I need this year to be about me. Me happier. Me healthier.

What does this mean for my blogs and shop?

If you had a chance to read my 2017 review, you saw I have three simple overarching goals for 2018:

  • Focus, Streamline, and Simplify – This goes for my millinery, FanU pieces, and the Etsy shop. I was considering adding shop sections for vintage pieces. Nope. That just doesn’t do it for me.
  • Make time for the Joy. Some time around mid-November it hit me that I just wasn’t enjoying what I was making. Part of it may have been burn-out, part just the year. But, I became very aware that I need to take more time to do some projects that are just for the fun of it.
  • Sink my teeth into something. What this is going to play out to be… we shall see.

I also have some simple framework goals for the blog that are rather open ended:

  • _20171128_060900I have started a monthly project post that I hope to continue through the year. Each one will be something small with some guidance or direction on how to do it your self. They won’t quite be a thorough as the Sew Alongs.
  • Another blog goal is to write a Monthly Update. These updates will fall sometime during the month with a combination of, well, just about anything that is going on, including project information, personal updates, events, activities, who knows.
  • One more I’ve added: I would like to hear from you, my readers, more. I enjoy reading your comments. If you make one of the monthly projects I would love to hear about it.

Then there are the two big writing projects that I will work on when the moments feel right:

  • Wintering Warmly – There are some spacial, technical things I need to work out to get that on ‘paper’.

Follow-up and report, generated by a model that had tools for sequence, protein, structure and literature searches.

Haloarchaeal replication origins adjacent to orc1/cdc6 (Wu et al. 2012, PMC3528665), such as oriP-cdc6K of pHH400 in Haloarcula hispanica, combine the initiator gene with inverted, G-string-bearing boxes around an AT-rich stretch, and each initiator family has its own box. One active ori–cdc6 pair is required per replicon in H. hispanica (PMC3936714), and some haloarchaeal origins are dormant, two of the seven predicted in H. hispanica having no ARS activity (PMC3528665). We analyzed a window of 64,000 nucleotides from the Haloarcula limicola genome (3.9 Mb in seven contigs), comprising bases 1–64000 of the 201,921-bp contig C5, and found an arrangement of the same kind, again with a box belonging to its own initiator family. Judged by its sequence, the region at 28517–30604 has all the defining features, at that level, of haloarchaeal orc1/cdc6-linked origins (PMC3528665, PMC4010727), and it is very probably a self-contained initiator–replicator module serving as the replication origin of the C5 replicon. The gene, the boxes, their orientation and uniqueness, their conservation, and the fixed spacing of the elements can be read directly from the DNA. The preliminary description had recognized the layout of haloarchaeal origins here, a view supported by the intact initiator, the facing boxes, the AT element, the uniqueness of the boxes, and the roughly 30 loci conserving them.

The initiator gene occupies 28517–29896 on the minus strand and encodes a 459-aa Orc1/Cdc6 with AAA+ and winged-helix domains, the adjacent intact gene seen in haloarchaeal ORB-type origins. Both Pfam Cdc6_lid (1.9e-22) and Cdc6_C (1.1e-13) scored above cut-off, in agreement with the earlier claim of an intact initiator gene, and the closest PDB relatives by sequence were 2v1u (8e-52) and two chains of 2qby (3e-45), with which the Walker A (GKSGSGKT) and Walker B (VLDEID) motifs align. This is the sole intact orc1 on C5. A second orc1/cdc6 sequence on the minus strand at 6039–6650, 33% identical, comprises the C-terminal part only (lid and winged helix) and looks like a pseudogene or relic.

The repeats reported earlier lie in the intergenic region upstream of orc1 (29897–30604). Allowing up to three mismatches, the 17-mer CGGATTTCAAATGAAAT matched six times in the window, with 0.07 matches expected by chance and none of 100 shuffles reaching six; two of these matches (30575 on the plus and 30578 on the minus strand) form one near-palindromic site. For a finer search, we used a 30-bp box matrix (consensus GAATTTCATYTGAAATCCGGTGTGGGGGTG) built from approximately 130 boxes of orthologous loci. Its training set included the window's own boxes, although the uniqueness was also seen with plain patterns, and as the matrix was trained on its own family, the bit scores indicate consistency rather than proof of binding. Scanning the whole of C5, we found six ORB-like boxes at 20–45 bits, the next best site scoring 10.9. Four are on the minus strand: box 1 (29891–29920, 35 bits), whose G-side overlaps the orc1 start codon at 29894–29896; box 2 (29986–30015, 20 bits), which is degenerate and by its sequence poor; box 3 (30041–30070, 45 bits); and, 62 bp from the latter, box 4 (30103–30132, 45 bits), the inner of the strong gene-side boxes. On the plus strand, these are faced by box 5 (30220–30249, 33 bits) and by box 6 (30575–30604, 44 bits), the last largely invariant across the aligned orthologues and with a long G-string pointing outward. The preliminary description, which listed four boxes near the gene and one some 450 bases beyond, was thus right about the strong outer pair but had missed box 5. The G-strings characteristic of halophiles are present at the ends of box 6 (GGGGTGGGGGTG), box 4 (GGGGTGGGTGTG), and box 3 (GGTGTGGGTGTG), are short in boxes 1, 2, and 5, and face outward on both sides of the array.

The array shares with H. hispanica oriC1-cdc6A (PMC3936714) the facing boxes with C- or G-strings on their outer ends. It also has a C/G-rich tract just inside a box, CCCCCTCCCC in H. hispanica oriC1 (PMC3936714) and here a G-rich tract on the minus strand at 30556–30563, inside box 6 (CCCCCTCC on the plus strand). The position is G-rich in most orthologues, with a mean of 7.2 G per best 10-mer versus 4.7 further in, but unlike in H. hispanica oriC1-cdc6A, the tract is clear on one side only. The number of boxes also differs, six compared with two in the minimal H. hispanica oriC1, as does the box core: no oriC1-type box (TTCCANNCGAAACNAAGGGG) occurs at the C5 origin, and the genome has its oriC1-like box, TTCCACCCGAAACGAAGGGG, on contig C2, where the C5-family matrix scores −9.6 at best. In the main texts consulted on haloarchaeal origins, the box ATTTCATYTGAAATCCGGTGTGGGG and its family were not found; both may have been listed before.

• To Net or Not to Net: Revisited is much closer to being available. I need to just lock myself away for a few days to get some solid writing and layout completed.

For now, I would like to know what events and activities you are looking forward to in the coming 2018. I have a couple nifty things I’ve been talking about with folks. When those details get worked out, I’ll be very excited to share.

Published in: on January 2, 2018 at 7:00 am  Comments (1)  

From The Work Box – Scissors

I started writing a From the Work Box series of posts a last year, but never finished them to post. With a recent question about scissors coming up in a particular FB group, followed by a reply from an exceptional merchant pointing out which scissors are most popular with reenactors, I decided I really need to finish this post for the sake of balanced accurate material culture interpretation.

Do I have I have a bias against stork scissors? Yes. I am just not a fan. I just don’t see the point of having an asymetrical bird hanging out on my scissors. I also just don’t understand why they seem to be everywhere. They are like the poly-cotton tomato’s best buddy. They are, without a doubt, over represented in historical settings. Why are there so many of this one kind of scissors when the 1851 Great Exhibition has 230 different pairs in a single display? Um, proportional variety please?